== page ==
is a deformity of the second, third or fourth toes in which
the main toe joint is bent upward like a claw. Initially, hammertoes are flexible and can be corrected with simple measures. Left untreated, they can become fixed and require surgery. Hammertoe
results from shoes that don?t fit properly or a muscle imbalance, usually in combination with one or more other factors. Muscles work in pairs to straighten and bend the toes. If the toe is bent and
held in one position long enough, the muscles tighten and can?t stretch out.
Wearing ill-fitting shoes is probably the main cause of hammer toe. As the toe bends, tendons add to the problem by contracting in such a way that the bending is reinforced to the point of becoming
permanent. In some cases, tendons that are abnormal to begin with may start the bending process.
A hammertoe may be present but not always painful unless irritated by shoes. One may have enlarged toe joints with some thickened skin and no redness or swelling. However, if shoes create pressure on
the joint, the pain will usually range from pinching and squeezing to sharp and burning. In long standing conditions, the dislocated joints can cause the pain of arthritis.
The exam may reveal a toe in which the near bone of the toe (proximal phalanx) is angled upward and the middle bone of the toe points in the opposite direction (plantar flexed). Toes may appear
crooked or rotated. The involved joint may be painful when moved, or stiff. There may be areas of thickened skin (corns or calluses) on top of or between the toes, a callus may also be observed at
the tip of the affected toe beneath the toenail. An attempt to passively correct the deformity will help elucidate the best treatment option as the examiner determines whether the toe is still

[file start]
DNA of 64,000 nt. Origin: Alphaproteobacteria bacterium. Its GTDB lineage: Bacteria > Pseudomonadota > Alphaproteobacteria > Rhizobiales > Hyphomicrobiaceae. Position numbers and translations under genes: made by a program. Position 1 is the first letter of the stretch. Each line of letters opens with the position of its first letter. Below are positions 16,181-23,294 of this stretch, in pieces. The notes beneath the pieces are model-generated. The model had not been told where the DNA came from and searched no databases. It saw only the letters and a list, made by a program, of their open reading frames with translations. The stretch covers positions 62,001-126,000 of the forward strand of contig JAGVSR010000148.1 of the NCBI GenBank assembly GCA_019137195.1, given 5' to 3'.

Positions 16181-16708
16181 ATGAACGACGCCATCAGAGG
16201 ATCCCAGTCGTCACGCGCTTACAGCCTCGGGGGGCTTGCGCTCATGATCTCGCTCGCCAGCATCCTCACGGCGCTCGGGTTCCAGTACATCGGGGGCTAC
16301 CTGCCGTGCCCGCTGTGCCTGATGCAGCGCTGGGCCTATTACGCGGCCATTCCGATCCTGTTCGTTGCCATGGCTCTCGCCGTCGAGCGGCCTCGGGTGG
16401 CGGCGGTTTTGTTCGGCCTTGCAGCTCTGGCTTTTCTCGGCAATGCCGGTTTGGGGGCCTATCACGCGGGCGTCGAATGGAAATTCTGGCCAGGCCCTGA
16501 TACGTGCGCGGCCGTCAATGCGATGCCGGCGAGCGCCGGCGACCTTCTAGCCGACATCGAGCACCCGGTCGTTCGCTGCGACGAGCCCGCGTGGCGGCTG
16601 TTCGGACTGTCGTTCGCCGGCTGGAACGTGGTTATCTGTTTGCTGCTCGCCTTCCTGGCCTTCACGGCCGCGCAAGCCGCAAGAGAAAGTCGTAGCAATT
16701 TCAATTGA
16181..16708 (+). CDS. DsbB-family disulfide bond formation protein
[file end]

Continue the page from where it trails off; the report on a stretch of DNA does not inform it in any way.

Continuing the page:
flexible or not. It is advisable to assess palpable pulses, since their presence is associated with a good prognosis for healing after surgery. X-rays will demonstrate the contractures of the
involved joints, as well as possible arthritic changes and bone enlargements (exostoses, spurs). X-rays of the involved foot are usually performed in a weight-bearing position.
Non Surgical Treatment
A person with hammer toes will be asked to practice some exercises for their toes to regain average structure and movement. The exercises usually involve stretching and strengthening their toes. The
person may attempt to Hammer toe
pick things up off the floor using only their toes. They may also
stretch their toes on a regular basis by hand to ease them into straightening out. Another example of a physical exercise specifically for a person's toes involves crumpling a towel with the toes.
The towel can lie underneath the person's feet and the person can use their toes to scrunch up the towel as they perform simple tasks such as reading a book or watching television.
Surgery to straighten the toe may be needed if an ulcer has formed on either the end or the top surface of the toe. Surgery sometimes involves cutting the tendons that support movement in the toe so
that the toe can be straightened. Cutting the tendons, however, takes away the ability to bend the very end of the toe. Another type of surgery combines temporary insertion of a pin or rod into the
toe and alteration or repair of the tendons, so that the toe is straightened. After surgery, the deformity rarely recurs.